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|Downes, S. M., Farneti, R., Uotila, P., Griffies, S. M., Marsland, S. J., Bailey, D., et al. (2015). An assessment of Southern Ocean water masses and sea ice during 1988-2007 in a suite of interannual CORE-II simulations. Ocean Modelling, 94, 67–94.|
|Dukhovskoy, D. S., Leben, R. R., Chassignet, E. P., Hall, C. A., Morey, S. L., & Nedbor-Gross, R. (2015). Characterization of the uncertainty of loop current metrics using a multidecadal numerical simulation and altimeter observations. Deep Sea Research Part I: Oceanographic Research Papers, 100, 140–158.|
|Dukhovskoy, D. S., Morey, S. L., & O'Brien, J. J. (2006). Influence of multi-step topography on barotropic waves and consequences for numerical modeling. Ocean Modelling, 14(1-2), 45–60.|
|Dukhovskoy, D., & Bourassa, M. (2011). Comparison of ocean surface wind products in the perspective of ocean modeling of the Nordic Seas. In OCEANS 2011.|
|Farneti, R., Downes, S. M., Griffies, S. M., Marsland, S. J., Behrens, E., Bentsen, M., et al. (2015). An assessment of Antarctic Circumpolar Current and Southern Ocean meridional overturning circulation during 1958-2007 in a suite of interannual CORE-II simulations. Ocean Modelling, 93, 84–120.|
Fox-Kemper, B., Adcroft, A., Böning, C. W., Chassignet, E. P., Curchitser, E., Danabasoglu, G., et al. (2019). Challenges and Prospects in Ocean Circulation Models. Front. Mar. Sci., 6.
Abstract: We revisit the challenges and prospects for ocean circulation models following Griffies et al. (2010). Over the past decade, ocean circulation models evolved through improved understanding, numerics, spatial discretization, grid configurations, parameterizations, data assimilation, environmental monitoring, and process-level observations and modeling. Important large scale applications over the last decade are simulations of the Southern Ocean, the Meridional Overturning Circulation and its variability, and regional sea level change. Submesoscale variability is now routinely resolved in process models and permitted in a few global models, and submesoscale effects are parameterized in most global models. The scales where nonhydrostatic effects become important are beginning to be resolved in regional and process models. Coupling to sea ice, ice shelves, and high-resolution atmospheric models has stimulated new ideas and driven improvements in numerics. Observations have provided insight into turbulence and mixing around the globe and its consequences are assessed through perturbed physics models. Relatedly, parameterizations of the mixing and overturning processes in boundary layers and the ocean interior have improved. New diagnostics being used for evaluating models alongside present and novel observations are briefly referenced. The overall goal is summarizing new developments in ocean modeling, including how new and existing observations can be used, what modeling challenges remain, and how simulations can be used to support observations.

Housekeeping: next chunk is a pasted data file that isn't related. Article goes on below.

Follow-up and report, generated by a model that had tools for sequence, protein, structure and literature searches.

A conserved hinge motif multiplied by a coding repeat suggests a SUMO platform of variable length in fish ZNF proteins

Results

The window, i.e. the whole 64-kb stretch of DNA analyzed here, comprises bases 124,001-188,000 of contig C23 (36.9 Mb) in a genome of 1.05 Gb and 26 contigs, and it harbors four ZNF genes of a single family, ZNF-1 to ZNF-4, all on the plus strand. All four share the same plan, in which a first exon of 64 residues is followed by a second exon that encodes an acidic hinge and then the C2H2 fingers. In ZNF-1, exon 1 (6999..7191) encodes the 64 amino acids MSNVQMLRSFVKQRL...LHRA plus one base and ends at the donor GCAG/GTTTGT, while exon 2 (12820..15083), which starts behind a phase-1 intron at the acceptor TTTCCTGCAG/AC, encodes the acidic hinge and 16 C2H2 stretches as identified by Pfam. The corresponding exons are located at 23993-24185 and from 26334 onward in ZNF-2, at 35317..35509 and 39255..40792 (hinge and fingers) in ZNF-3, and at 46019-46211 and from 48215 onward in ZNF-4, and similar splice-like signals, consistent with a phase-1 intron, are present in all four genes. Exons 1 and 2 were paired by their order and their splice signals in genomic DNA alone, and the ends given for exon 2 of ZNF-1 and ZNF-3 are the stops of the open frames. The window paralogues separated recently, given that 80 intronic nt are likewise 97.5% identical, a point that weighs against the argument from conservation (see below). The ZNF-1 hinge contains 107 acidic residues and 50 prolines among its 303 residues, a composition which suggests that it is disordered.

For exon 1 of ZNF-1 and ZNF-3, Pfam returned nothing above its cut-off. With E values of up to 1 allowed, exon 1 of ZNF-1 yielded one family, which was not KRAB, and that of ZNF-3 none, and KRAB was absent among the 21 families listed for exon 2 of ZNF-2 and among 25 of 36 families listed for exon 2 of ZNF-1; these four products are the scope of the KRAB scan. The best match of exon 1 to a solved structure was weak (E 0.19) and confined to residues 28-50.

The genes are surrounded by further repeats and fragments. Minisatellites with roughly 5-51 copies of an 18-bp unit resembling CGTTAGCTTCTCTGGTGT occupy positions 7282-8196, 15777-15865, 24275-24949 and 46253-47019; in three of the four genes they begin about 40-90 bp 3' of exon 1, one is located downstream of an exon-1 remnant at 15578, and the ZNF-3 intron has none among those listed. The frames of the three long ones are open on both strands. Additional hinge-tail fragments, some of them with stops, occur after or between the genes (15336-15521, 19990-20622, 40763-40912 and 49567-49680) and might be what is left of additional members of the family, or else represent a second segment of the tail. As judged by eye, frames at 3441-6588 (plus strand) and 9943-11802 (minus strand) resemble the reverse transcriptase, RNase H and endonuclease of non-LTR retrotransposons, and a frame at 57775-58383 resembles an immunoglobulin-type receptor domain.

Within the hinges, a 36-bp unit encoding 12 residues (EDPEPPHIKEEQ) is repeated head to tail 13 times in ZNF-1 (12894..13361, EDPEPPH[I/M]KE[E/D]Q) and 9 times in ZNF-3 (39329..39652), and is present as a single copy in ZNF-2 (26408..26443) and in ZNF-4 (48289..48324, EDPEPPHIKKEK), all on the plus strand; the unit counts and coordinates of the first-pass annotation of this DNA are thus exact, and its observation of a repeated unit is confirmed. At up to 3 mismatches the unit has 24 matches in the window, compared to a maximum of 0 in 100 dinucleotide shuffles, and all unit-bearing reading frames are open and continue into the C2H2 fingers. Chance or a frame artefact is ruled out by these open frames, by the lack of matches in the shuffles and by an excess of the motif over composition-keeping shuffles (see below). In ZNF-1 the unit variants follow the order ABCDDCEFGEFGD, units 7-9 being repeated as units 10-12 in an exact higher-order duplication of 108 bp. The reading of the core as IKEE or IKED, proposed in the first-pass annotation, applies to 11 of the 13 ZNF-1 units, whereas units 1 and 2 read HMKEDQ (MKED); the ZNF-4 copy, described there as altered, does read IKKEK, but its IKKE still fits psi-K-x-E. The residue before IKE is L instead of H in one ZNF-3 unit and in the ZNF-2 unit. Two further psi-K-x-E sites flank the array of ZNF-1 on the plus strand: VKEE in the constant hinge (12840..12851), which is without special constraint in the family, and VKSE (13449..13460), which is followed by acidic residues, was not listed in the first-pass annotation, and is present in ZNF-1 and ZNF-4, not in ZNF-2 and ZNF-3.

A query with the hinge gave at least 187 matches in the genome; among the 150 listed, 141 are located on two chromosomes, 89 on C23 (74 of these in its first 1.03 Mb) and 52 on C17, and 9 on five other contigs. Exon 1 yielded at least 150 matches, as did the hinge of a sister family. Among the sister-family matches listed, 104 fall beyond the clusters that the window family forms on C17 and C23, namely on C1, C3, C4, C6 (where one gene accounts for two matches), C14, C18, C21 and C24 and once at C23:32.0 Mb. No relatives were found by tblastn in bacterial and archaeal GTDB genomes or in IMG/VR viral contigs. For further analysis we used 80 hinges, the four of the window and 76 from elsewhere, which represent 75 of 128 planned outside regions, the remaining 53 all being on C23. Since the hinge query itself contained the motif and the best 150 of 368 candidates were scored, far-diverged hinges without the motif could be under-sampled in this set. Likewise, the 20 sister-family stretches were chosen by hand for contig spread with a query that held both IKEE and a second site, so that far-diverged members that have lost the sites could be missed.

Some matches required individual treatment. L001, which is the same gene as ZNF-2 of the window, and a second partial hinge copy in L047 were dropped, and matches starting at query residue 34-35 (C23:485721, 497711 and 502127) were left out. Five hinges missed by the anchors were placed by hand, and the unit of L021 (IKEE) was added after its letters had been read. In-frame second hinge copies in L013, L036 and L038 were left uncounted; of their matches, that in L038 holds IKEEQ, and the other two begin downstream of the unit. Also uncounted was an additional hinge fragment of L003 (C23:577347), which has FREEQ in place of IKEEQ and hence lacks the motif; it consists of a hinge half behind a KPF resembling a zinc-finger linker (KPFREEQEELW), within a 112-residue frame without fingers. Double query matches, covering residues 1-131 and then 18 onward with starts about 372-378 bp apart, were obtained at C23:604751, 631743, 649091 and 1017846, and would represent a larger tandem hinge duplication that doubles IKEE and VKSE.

Keywords: Southern Ocean; Overturning Circulation: Regional sea level; submesoscale; ice shelves; turbulence
|Freeman, E., Woodruff, S. D., Worley, S. J., Lubker, S. J., Kent, E. C., Angel, W. E., et al. (2017). ICOADS Release 3.0: a major update to the historical marine climate record. Int. J. Climatol., 37(5), 2211–2232.|
|Goff, J. A., & Arbic, B. K. (2010). Global prediction of abyssal hill roughness statistics for use in ocean models from digital maps of paleo-spreading rate, paleo-ridge orientation, and sediment thickness. Ocean Modelling, 32(1-2), 36–43.|
|Grant, J., Erlebacher, G., & O'Brien, J. (2002). Case study: Visualizing ocean flow vertical motions using Lagrangian-Eulerian time surfaces. In IEEE Visualization 2002 Conference (pp. 529–532).|
|Griffies, S. M., Biastoch, A., Böning, C., Bryan, F., Danabasoglu, G., Chassignet, E. P., et al. (2009). Coordinated Ocean-ice Reference Experiments (COREs). Ocean Modelling, 26(1-2), 1–46.|